I think there might be a measure of desperation in this decision, that Trump has to go along with people who literally believe in crazy ideas. There’s hardly anything weirder than QAnon in the world, that Democrats and Hollywood celebrities are satanic worshiping pedophiles? Either way, this movement is now found in about 70 different countries, including as far away as places like Japan. It seems to me that he tries as much as he can to seduce them. I wonder if it’s related to, you know, the pretty bad approval ratings he’s got right now, and he thinks it’s going to move up his ranks. He can’t not know there were a ton of QAnon people when the Capitol was stormed on January 6th, and he knows they’re part of his base, so I think he’s trying something thing to elevate through these very direct appeals to the QAnon universe.

I’ll just add that there are a lot of people who believe in QAnon – more than we realize. From a poll taken earlier this year, I think in February, 1 in 5 Americans are QAnon supporters and 1 in 4 are Republicans. So those are big, big numbers.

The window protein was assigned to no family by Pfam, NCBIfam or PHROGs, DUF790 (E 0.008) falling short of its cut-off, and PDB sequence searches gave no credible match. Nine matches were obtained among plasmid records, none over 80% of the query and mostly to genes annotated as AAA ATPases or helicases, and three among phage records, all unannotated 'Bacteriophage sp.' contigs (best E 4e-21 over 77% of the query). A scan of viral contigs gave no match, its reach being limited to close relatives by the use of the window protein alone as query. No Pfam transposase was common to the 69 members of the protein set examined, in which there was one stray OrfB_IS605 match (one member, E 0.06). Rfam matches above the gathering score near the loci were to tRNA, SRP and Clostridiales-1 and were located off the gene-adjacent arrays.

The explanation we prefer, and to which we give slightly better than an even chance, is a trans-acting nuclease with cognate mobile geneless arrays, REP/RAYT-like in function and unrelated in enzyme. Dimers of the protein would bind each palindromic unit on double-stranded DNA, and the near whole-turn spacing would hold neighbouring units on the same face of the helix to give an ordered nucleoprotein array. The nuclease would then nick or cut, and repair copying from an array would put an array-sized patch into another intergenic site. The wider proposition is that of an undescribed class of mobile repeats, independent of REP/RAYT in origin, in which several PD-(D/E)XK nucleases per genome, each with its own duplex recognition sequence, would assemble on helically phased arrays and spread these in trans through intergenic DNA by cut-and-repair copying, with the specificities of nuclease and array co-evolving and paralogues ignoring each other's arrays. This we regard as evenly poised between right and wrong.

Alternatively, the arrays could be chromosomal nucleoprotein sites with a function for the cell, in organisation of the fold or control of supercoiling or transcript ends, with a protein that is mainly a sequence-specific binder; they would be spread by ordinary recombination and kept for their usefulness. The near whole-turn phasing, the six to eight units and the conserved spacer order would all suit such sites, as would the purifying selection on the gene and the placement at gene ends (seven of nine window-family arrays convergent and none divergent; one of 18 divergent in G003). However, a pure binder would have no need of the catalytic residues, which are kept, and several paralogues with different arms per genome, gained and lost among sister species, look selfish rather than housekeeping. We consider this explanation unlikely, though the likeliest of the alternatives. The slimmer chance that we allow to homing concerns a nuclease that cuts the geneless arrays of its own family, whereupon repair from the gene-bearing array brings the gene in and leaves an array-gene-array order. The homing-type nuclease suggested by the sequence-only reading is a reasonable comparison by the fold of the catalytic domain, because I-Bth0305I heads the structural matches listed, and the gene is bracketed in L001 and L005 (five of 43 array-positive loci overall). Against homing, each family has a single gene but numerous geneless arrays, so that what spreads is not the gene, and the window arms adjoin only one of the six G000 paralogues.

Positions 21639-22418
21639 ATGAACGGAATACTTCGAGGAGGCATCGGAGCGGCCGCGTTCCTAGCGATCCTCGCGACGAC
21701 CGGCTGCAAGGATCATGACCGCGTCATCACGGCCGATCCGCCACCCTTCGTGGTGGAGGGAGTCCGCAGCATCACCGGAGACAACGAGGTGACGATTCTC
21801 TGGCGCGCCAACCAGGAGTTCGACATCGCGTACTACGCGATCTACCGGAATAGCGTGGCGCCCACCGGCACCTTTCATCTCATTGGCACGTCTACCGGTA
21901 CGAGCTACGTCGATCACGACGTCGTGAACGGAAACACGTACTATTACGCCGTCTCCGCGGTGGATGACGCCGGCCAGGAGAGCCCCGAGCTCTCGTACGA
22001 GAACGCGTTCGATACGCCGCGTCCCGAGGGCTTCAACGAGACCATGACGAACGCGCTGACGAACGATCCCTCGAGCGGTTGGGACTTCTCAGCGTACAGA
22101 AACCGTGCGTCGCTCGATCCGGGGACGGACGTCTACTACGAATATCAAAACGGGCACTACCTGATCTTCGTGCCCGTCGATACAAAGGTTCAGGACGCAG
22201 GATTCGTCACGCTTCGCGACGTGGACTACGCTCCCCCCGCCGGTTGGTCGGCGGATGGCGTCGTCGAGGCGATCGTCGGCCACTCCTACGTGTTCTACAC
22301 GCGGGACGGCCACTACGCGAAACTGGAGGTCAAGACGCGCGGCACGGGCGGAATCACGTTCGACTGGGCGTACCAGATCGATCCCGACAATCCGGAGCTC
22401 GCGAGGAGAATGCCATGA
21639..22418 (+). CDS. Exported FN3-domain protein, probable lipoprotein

Just for context, the University of Chicago Insurgent Movement Research looked at people who were on Capitol Hill on January 6, and they pointed out two things that these people tend to believe. One is the “great replacement” conspiracy theory – that white supremacist idea that is often anti-Semitic, that Jews replace white people in their home countries with people of color, immigrants, refugees – but the Another thing they tend to believe is QAnon. Trump knows this is part of his base. He knows, or at least the people around him know, that this is a strength of the Republican Party. I think those things also motivate this activity.

Gideon: What is the state of the QAnon movement right now? I guess people think QAnon kind of died out.